(For the quarter April- June 2020)
Delivery on a country boat
21st April, 2020, started early, like any normal day for the C-NES Boat Clinic health teams. The Dhemaji Boat Clinic team in Upper Assam, bordering Arunachal Pradesh, was prepared for another long day ahead. Times were uncertain and challenging.
As the Dhemaji team proceeded to conduct a health camp at Pakhoriguri sapori (island village) they are stopped by a few villagers. “An emergency” they said. A pregnant 19 year old Silaboti Boro from Udaypur village of Mechaki sapori, was being brought by her parents in a country boat to the nearest mainland hospital as roads were closed due to the nationwide lockdown. Her husband was far away in Chennai. Silaboti started labour in the boat itself and the family was not being able to contact the 108 ambulance service despite frantically trying to. The very sight of the “Doctor’s Boat” from afar was godsend. It was noon. The young Medical Officer, Dr Modhusmita Hazarika and ANM Mohima Boro had no time to lose. They had to make a quick decision. There was no way they could take her to the nearest health centre. It would be too late. It had to be here, now. On the country boat. The surface was cleaned, necessary hygienic precautions taken. Gloves were put on and the duo swung into action. Exactly 26 minutes later, at 12.26 pm, a healthy baby boy weighing 3 kg was born much to the delight of the family. A baby born on a country boat. The mother and infant was referred to the nearest health centre (MPHC) at Ramdhan for further check ups. The baby is named Somol Boro, the team was informed later. This was not the first instance when a boat clinic responded to a call of distress on a remote island.
Boat Clinics fight Covid 19
As the country grapples with the challenge of curbing the spread of the novel coronavirus disease, C-NES’ 15 Boat Clinics, supported by NHM, Government of Assam, have stepped up their efforts in the far-flung Brahmaputra river islands most of which lack access to basic health facilities.
The Clinics, each with a 15-member staff, provide immunisation to children, pregnant women and new mothers as well as treat vulnerable adult groups and generate awareness on family planning. They carry out general check-ups for malaria and other vector-borne diseases and early detection of communicable diseases like HIV and tuberculosis as well as non-communicable diseases like diabetes and cataract.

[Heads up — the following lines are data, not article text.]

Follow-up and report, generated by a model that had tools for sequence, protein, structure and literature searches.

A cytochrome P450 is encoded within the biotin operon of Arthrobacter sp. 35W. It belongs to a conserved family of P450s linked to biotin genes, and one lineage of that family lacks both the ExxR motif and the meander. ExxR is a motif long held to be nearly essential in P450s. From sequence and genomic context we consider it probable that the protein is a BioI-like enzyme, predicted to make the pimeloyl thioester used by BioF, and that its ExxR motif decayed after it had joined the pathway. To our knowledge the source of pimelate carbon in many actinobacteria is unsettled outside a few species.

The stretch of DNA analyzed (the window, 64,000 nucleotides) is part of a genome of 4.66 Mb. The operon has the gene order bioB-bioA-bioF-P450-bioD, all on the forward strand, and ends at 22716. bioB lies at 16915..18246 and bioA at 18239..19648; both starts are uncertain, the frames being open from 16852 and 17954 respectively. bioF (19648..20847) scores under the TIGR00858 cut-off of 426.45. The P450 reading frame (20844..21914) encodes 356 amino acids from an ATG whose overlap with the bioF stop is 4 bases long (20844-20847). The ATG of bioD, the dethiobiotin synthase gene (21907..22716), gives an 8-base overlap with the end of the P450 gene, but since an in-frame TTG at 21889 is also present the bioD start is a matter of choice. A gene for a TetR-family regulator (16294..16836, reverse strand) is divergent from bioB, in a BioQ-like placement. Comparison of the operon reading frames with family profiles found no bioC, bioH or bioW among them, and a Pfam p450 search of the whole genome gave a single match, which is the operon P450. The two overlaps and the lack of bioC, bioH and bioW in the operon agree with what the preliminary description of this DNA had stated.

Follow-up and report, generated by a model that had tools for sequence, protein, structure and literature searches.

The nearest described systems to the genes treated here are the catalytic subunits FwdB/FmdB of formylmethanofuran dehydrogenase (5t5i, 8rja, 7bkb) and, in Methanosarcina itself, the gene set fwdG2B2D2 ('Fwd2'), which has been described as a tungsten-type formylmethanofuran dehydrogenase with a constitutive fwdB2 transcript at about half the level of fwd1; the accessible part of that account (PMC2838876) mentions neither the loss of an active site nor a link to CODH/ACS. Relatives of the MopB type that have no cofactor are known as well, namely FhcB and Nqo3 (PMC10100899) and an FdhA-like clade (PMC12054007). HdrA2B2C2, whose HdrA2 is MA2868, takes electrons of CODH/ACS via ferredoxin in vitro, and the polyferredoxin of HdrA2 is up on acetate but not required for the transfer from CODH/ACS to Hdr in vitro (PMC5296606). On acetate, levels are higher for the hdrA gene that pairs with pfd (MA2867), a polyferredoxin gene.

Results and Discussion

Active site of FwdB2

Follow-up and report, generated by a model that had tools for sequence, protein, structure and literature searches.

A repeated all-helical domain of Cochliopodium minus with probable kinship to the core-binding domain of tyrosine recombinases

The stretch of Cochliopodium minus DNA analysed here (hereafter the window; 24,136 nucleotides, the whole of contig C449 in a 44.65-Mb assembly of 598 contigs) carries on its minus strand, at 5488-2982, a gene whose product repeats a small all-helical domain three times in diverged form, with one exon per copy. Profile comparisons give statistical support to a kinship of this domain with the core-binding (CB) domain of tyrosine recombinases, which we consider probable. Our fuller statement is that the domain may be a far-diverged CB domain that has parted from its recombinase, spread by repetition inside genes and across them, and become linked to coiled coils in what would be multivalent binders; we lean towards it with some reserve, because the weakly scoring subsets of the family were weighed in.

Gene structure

World over the frontline workers have been regarded as warriors battling the war against the virus. The frontline health workers from the 15 Boat Clinic units have been working with dedication and commitment in the fight to prevent COVID-19 in the river islands in these crucial times and completing the duty entrusted by the district health administration. As frontline warriors they have been conducting regular awareness sessions and reminding communities to maintain physical distance, follow hand washing practice and to wear homemade face mask at all times. The Clinics are in forefront of providing relief to island dwellers amid lockdown apart from providing preliminary check-ups. The Boat Clinic units in coordination with the District Health Society (DHS) of their respective districts conducted 744 Awareness Sessions till 30th April’20 in their targeted villages ensuring physical/social distancing is maintained by all. In order to penetrate more and spread the message most Boat Clinic units divided themselves into 2 to 3 teams and reached out to people and homes in the most interior island villages. Villagers were informed about importance of maintaining social distancing, regular and proper hand washing, need of wearing mask, first signs/symptoms when health assistance should be sought, what coronavirus is all about and how it can spread. Communities were also made to understand that in order to break the chain or contain the infection from spreading, all responsible citizens should remain inside their homes (especially vulnerable groups like PW, Children below 10 years and the elderly people above 65 years) for the number of days announced by the government.
The workers are also acting as a bridge to help the people get necessary government procured food items. Most of the island-dwellers across lower Assam are daily-wage workers whose income has completely stopped because of the lockdown.